The “Is” and the “Ought”
The objective ethics of Raymond Cattell and Jacques Monod
If POOR OLD Pontius Pilate could reassemble his ashes, revisit the earth and once again ask the unanswerable, his historic quiz would fall on deafer ears than before. It is not the fact of the matter that counts these days, (has it ever counted?), but the morality of the matter. It is not “What Is,” but “What Is To Be Done?” That’s the $128,000 question. (ILLUSTRATION: Raymond B. Cattell)
Let us take a not uncommon case. That of a very ill professor of biology. If he grinds all his pills into dust, smashes his medicine cabinet and turns to a two-bit swami, a $100-an-hour shrink, or a ten thousand dollar automated alpha wave computer monitoring system, he may get a friendly write-up in the Washington Post for “expanding his consciousness. ” But let him try to investigate the inherited nature of his disease, let him seek to “biologize” his problem and his laboratory may be bombed, his lectures broken up and his life threatened.
As is becoming more apparent every day, there are accepted and distinct ways of treating a man who researches racial differences in intelligence and a man who believes in osteopathy, astrology, ESP and the mental life of plants. In the present-day academic community it is easier to pass a resolution condemning Shockley than psychokinesis.
To search out, analyze and restructure the moral basis of all the fabrications and perversities of this off-its-rocker age, to examine a little more closely and clearly the ethics of the day (which often seem to be promoting unethical rather than ethical conduct) has been a life-long project of two very eminent and uncensorable academicians — Raymond B. Cattell, a British-born empirical psychologist, and the late Jacques Monod, a geneticist whose mother was an American and whose father was a Parisian painter of Huguenot descent.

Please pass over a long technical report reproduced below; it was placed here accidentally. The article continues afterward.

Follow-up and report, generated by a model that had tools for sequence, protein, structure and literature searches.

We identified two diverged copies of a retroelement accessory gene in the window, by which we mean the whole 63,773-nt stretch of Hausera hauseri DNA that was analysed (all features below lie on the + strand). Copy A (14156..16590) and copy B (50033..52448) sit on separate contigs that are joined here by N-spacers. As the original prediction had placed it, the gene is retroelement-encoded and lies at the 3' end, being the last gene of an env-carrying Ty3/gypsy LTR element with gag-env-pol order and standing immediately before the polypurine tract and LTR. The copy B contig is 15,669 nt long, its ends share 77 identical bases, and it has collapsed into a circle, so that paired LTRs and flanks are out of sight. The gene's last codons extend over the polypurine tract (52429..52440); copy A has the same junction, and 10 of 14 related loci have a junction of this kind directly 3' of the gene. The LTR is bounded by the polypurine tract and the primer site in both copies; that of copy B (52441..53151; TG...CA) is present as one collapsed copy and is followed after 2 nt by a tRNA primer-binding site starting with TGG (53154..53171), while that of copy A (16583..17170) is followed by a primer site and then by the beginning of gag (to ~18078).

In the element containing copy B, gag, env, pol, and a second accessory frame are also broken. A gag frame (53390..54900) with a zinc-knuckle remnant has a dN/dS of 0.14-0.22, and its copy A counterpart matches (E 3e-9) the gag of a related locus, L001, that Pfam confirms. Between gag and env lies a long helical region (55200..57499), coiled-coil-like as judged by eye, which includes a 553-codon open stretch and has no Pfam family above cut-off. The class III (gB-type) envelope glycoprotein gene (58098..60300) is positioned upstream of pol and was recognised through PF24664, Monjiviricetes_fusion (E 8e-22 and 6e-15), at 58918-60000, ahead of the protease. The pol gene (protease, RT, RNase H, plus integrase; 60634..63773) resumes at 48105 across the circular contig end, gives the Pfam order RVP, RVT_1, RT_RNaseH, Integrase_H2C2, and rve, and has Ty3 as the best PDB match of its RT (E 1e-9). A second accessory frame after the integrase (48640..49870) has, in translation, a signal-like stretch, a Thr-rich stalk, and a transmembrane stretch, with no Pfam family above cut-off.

A pioneer in the study of human abilities, personality and group dynamics through the use of rigorous experimental and statistical (as opposed to intuitive) techniques, Dr. Cattell in his masterful opus A New Morality from Science: Beyondism attempts to build a new moral system upon the findings of modern biology, with particular emphasis on behavior genetics and evolution. Surveying the various moralities now in vogue, he notes that they derive from one of two sources: (1) a revealed religion or tradition; (2) rationalism. The Decalogue is an example of the former, the UN’s Universal Declaration of Human Rights an example of the latter. For all their faults, traditional moral systems possess the appealing property of working. Cattell notes, as does Edward Wilson in his Sociobiology, that behavior patterns are just as subject to natural selection as physical features — perhaps even more so. Consequently, while appearing somewhat silly in their claim to divine inspiration, societies following such otherworldly guidance can at least be credited with having survived.
Rational ethical systems do not represent behavior patterns that work, but rather behavior patterns that someone thinks should work. While created by some of the world’s most brilliant minds (Locke, Aristotle, Plato, Voltaire, among others), such systems have not been tested in the evolutionary crucible. As Cattell observes, rationalism has proved more capable of destruction than of construction. While the wise man may take some comfort that in twentieth century America few of his less intellectual fellow citizens shake and quake in fear of spending eternity in a fiery hell as punishment for their sins, the fact remains that he himself is more susceptible than ever to an equally painful, if less enduring, intellectual mugging by his agnostic brothers.
Since rational systems are usually built upon assumptions about human nature and society, viz., all men are inherently good, rationalists are likely to believe that education and good intentions can abolish war, poverty and injustice. Cattell notes that because of such assumptions rationalist morality rests on “subjective, a priori premises surreptitiously imported from the religions they seek to outmode” (p. 63). A further complication is that when reason dictates the content of morality, people have difficulty in agreeing on what kind of behavior is moral or immoral. Rather than subject their moral system to the test of natural selection, rationalists rely on man-made selection in the form of world wars, genocide and totalitarian thought control.